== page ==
Mondelēz International has collaborated with Mars UK, Nestlé, PepsiCo and Unilever to set up a £1 million fund to help make flexible plastic recycling economically viable for recyclers and easier for consumers in the UK.
The Flexible Plastic Fund is a first in the UK industry and is being led by producer compliance scheme, Ecosurety, with support from the environmental charity, Hubbub.
The Fund will collaborate with manufacturers, retailers and recyclers to improve flexible plastic recycling and reduce plastic pollution by giving the material a stable value.
This will, in turn, increase the supply of recycled plastic, enabling the industry to become more 'circular' and meet the forthcoming UK plastic packaging tax obligations.
Sainsbury’s and Waitrose have already signed up to support the initiative by hosting flexible plastic collection points in selected stores across the UK, Mondelēz said.
Head of innovation and policy at Ecosurety, Robbie Staniforth, said, "Historically the UK recycling system has not provided enough motivation to recycle flexible plastics. By creating a sustainable market for this material, longer term improvements can be made to ensure the flexible plastic that remains necessary for packaging is reliably recycled and eventually contributes to a circular economy, thereby tackling plastic pollution."
"We hope that by boosting this infrastructure, government and local authorities will be motivated to quickly facilitate flexible plastic recycling in the UK by making it easy for consumers to recycle via household collections in the future."
Flexible plastic comprised 22% of all UK consumer plastic packaging in 2019, but only 6% was recycled.
It includes plastic bags, wrappers, films, pouches, packets and sachets and is described as 'plastic bags and wrapping', 'soft plastics' or 'flexible plastics'.
During recycling, flexible plastic requires a different processing method as it often contaminates rigid plastic recycling and clogs up machinery.
Around 95% of consumers would be willing to recycle their flexible plastics, new research from the University of Sheffield suggests.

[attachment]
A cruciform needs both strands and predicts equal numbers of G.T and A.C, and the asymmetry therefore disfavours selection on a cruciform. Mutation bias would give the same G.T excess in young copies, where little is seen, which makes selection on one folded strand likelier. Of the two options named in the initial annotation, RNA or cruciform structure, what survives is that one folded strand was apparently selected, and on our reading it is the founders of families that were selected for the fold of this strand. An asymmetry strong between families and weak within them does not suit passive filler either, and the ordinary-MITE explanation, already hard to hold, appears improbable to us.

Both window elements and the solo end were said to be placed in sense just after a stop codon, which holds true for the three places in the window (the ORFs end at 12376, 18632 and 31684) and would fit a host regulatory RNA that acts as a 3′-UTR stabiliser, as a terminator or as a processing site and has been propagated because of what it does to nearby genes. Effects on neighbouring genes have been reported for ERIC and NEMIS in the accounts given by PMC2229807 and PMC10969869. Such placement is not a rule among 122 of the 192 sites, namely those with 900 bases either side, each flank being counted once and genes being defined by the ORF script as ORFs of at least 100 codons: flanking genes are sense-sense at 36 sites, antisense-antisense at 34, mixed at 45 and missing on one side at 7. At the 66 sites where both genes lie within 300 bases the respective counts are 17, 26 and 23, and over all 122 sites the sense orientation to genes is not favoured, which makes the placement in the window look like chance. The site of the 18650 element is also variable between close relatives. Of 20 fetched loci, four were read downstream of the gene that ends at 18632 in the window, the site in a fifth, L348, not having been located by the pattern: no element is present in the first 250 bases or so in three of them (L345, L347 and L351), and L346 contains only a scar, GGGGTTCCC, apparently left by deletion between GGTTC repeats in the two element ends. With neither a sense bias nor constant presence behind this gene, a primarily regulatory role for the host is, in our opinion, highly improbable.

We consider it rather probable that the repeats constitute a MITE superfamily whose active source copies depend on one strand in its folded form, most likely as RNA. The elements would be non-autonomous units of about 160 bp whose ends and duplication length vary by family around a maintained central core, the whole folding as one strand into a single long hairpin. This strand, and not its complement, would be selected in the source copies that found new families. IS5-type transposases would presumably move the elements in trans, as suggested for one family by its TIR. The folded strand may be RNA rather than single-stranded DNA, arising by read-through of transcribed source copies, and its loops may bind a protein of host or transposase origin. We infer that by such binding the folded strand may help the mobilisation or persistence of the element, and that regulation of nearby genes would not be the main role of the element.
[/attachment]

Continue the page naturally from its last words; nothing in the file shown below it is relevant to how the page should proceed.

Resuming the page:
Currently, just 16% of local authorities in the UK offer household collection of flexible plastics.
Mark Pawsey, MP and Chair of the All-Party Parliamentary Group for the Packaging Manufacturing Industry, said, "It's really encouraging to see some of the UK's largest brands and retailers come together with the launch of the Flexible Plastic Fund.
"I believe industry-led collaboration is at the heart of tackling many of the environmental challenges facing us. I hope to see more and more corporations joining together as a force for good over the coming months."
The Fund will guarantee a minimum value of £100 per tonne of recycled product to incentivise recyclers to process flexible plastic.
The initiative will provide fully audited transparency – at least 80% of the plastics collected will be recycled in the UK – rising to 100% by 2023.
Until 2023, the initiative will likely export up to 20% of the plastic to qualifying facilities in Europe due to limited capacity and technology in the UK.
All materials in the recycling process will be fully traceable and tracked from the collector to new products.
'An Important Step'
Louise Stigant, UK managing director at Mondelēz International, said, "The Flexible Plastics Fund is an important step to ensuring packaging is collected, sorted and recycled in the UK.
"Meaningful change can only come when everyone collaborates, from companies, governments, waste management organisations to consumers."
Recyclers will only be paid if the plastic is recycled, unlike other schemes.
The manufacturers contributing to the Flexible Plastic Fund will then be able to access the Packaging Recovery Notes ("PRNs") generated by this high-quality, tracked recycling scheme.
The recycled plastic will be turned into various products, including non-food grade plastic, non-food-grade film and food-grade film, Mondelēz added.